Though no conditions were formally attached to the newly announced $2 billion in additional US military aid to Pakistan, diplomatic sources are reporting that the new aid is conditional on the Pakistani government launching their long-promised North Waziristan invasion in a timely fashion.
The US has been pressing for Pakistan to escalate its war in the tribal area for years, with North Waziristan almost always at the center of the targets. Previous offensives have displaced massive numbers of civilians, but netted few militant leaders.
Pakistan has committed large numbers of soldiers to the tribal areas at US behest, and launched a number of offensives, including in South Waziristan and Malakand. The invasion of North Waziristan, which is targeted almost daily by US drone strikes, remains the illusive “next step” for officials, however.
Pakistani Foreign Minister Shah Mahmoud Qureshi, however, insists Pakistan won’t be rushed on the offensive, and that they “have our own sense of timing.” Starting an offensive right now might be difficult, as the region will become virtually impassable when the winter begins.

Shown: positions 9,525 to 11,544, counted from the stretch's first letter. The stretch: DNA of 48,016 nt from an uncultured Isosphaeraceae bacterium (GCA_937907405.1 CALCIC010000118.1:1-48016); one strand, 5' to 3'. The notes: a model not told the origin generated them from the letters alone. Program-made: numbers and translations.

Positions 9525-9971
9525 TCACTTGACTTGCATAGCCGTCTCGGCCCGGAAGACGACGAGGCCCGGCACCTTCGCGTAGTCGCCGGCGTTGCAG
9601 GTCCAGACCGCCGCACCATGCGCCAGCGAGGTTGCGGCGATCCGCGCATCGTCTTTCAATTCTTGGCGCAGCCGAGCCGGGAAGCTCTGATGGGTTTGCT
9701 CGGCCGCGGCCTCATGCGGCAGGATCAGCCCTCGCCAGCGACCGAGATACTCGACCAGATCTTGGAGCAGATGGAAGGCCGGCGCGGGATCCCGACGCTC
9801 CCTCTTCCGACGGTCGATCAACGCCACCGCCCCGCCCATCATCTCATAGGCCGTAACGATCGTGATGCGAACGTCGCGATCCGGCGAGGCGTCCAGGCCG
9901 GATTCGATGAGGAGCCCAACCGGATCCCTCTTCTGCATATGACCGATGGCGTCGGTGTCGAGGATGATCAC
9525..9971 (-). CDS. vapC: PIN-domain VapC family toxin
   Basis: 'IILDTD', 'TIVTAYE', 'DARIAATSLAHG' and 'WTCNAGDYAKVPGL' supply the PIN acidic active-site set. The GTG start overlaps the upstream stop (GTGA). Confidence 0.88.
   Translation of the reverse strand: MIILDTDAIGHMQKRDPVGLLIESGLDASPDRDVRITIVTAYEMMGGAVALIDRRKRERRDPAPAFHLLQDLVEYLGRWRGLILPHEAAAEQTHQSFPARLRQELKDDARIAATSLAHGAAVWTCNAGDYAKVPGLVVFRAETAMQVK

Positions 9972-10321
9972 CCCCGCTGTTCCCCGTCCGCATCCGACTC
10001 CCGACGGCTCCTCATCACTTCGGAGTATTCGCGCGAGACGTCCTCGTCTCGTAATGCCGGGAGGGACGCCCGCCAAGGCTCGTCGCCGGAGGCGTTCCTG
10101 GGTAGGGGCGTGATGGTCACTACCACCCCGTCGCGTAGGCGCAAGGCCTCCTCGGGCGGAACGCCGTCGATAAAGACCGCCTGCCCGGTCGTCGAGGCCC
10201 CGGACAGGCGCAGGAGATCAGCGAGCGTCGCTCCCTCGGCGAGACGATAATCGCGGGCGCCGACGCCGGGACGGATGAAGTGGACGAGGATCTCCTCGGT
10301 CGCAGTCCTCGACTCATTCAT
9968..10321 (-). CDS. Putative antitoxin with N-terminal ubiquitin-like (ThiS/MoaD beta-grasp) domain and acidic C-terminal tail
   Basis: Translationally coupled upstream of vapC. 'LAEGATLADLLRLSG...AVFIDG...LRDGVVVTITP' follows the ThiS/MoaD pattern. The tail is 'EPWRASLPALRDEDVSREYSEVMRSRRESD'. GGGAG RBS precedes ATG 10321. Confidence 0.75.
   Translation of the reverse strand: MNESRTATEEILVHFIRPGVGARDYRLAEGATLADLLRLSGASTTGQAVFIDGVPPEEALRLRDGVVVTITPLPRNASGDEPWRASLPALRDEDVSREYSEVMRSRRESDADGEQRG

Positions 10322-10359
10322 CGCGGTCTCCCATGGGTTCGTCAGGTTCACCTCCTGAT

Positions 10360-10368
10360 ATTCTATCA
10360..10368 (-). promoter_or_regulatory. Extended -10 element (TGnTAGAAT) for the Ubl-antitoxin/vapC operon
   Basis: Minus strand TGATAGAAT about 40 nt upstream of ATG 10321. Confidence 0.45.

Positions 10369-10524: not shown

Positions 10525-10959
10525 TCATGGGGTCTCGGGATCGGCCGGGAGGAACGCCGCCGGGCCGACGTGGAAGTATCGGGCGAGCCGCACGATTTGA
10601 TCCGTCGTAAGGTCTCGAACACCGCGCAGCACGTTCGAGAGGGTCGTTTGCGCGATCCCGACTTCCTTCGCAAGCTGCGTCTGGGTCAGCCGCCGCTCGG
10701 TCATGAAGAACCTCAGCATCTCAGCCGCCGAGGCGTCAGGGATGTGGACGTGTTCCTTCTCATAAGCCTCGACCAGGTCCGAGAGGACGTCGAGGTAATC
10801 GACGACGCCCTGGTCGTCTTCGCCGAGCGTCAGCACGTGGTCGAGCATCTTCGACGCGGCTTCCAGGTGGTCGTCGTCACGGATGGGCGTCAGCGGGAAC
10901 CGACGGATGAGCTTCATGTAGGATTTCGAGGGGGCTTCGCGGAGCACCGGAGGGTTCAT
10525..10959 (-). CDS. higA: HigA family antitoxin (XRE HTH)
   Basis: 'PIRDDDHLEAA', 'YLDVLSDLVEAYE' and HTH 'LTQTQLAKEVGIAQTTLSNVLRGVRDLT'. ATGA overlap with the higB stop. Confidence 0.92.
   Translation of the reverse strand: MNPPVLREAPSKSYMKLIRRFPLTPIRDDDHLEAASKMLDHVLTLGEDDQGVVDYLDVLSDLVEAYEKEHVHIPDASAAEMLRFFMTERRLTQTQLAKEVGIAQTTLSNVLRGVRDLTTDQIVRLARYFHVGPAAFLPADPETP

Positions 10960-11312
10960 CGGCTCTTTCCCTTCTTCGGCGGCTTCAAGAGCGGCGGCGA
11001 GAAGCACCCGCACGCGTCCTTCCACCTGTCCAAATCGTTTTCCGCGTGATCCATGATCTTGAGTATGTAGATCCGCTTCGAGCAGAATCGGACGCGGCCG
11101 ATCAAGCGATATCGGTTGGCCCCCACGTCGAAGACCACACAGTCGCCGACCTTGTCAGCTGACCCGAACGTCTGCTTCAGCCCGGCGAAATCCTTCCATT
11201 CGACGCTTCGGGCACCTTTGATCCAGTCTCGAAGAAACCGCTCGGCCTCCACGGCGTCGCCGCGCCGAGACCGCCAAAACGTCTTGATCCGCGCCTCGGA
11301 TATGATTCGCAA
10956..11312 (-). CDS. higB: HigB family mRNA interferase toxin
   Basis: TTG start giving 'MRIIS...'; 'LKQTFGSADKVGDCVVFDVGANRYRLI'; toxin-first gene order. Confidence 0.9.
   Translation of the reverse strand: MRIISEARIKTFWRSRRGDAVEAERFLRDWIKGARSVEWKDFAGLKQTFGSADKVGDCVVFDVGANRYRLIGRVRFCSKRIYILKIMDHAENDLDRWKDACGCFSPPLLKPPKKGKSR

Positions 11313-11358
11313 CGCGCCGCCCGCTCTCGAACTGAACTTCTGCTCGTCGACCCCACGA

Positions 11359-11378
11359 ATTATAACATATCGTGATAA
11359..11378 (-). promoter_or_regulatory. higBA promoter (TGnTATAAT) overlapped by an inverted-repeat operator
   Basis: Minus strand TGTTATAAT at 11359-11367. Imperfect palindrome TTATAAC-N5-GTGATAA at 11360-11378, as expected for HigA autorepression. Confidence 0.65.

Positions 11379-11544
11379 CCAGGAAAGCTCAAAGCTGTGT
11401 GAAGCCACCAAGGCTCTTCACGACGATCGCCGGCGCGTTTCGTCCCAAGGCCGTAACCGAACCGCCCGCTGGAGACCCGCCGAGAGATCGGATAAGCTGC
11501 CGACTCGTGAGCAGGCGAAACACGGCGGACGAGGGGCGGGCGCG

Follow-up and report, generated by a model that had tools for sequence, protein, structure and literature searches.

North Waziristan will also be a difficult target, as Pakistan’s government continues to have peace deals with a number of the groups in the region which the US would presumably insist on them attacking. In the South Waziristan offensive Pakistan first burned its bridges with the groups it had peace deals with there, but repeating this in North Waziristan could spark a new flurry of attacks across the region, and the Pakistani troops are already stretched to the limit.